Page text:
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About Vagrant

  • Birthday 02/27/1984

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  1. there's a lot of high risk throws in that package. he has a fantastic arm, obviously, but whoever put this together didn't put in a lot of plays when he had to work through progressions. he threw a lot of guys open with deep balls. he seems good at timing throws, but to me it looks like he's sitting on one route and just putting the best ball he can in that direction instead of finding something higher percentage. that's going to get you a lot of attention from NFL safeties watching your eyes. he reminds me of jacob eason last year.
  2. I think when enough time has passed we will remember this as Cam's farewell. With how he played here, I doubt he's going to draw a lot of interest to get another starting gig considering how long he was out there this season. His return for me was less about Rhule, Fitterer, Tepper, etc. as it was about Cam and the fanbase. We got our proper goodbye. It was special even more so because it felt separate from this current drama.
  3. For those doubting we'll get an elite offensive guy, do you remember what happened the last time the owner wanted someone badly? Like, $60 plus million badly?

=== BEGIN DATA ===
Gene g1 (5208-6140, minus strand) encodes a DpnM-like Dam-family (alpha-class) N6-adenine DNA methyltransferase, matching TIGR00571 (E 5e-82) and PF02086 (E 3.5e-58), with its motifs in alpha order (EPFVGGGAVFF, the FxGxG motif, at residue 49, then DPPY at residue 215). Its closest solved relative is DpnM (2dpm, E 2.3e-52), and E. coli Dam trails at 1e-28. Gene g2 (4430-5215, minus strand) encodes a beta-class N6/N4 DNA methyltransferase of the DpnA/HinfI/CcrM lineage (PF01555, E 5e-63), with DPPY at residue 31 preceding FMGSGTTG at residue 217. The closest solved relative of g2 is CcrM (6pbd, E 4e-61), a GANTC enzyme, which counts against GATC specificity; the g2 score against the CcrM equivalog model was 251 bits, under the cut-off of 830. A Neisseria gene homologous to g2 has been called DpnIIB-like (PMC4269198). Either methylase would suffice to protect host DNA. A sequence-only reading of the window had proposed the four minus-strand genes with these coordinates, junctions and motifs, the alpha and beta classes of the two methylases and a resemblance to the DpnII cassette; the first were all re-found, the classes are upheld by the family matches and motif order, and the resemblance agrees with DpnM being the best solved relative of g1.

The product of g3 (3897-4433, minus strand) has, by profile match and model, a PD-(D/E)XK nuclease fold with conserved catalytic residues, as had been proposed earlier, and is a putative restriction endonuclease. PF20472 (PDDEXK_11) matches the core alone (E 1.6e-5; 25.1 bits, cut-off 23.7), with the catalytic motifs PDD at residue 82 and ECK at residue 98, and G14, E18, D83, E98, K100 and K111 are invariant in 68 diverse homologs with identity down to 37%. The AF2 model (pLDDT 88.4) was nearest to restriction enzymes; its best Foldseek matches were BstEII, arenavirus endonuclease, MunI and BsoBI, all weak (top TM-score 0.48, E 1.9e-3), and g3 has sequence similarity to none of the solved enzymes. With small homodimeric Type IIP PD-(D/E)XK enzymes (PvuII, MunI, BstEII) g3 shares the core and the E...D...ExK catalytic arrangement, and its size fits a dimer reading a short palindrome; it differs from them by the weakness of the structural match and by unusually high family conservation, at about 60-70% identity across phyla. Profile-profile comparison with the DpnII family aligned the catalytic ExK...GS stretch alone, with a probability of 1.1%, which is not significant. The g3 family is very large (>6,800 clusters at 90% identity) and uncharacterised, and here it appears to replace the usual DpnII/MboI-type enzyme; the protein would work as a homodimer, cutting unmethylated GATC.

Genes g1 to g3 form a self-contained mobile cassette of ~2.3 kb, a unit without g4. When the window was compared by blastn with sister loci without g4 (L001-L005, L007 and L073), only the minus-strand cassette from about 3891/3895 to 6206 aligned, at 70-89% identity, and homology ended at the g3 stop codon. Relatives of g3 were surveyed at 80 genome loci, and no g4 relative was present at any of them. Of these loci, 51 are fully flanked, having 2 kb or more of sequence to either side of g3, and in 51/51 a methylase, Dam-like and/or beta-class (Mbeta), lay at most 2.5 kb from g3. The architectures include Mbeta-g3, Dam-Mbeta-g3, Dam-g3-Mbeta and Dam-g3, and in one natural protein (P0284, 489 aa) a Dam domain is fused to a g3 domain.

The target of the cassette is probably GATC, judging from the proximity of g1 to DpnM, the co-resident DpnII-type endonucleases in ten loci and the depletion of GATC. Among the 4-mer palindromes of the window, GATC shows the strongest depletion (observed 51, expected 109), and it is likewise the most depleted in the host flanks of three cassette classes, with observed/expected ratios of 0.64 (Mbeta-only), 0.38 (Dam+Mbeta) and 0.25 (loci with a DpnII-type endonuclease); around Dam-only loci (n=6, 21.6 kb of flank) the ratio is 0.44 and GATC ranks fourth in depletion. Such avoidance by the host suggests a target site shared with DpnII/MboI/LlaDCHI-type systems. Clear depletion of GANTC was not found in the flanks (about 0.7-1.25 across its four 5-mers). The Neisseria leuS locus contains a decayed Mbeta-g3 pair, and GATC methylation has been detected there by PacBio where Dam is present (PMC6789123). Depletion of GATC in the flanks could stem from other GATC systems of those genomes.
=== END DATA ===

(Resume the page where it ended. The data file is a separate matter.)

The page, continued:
4. Rhule isn't safe. His departure from this team is part of a 2 year plan. He gets to close this season out for the tank. They're going to bring in an OC with NFL pedigree and take that side of the ball away from Rhule entirely. There's two reasons for it. One is that the original staff that Rhule brought with him had virtually ZERO coaches with legitimate NFL experience and as a result, couldn't lean on their history to convince their offensive players that they were still in the game plan. Rhule's biggest mistake in my opinion was his staff selection. I would almost be willing to bet that whatever higher profile offensive play caller we bring in is also going to be something on paper that indicates the line of succession will go through them. Associate Head Coach, or some other variation of the term. Our QB situation became by degrees harder to solve with Darnold's 5th year option being picked up. I think he goes into next season in a competition with a QB we draft in the 3rd or 4th round. He'll get 3 or 4 games and if he falters again, Rhule will be fired and Darnold will be done. Whoever our OC is will take over as interim head coach, try to see what they have in the rookie and try not to worry too much about the record in order to set us up to draft the solution with an entirely new regime, cap space galore, and a damn solid defensive core to build on. It will be a high profile destination next offseason, but not this one with as muddled as the waters are now and the fact that we're kind of married to Darnold for one more season.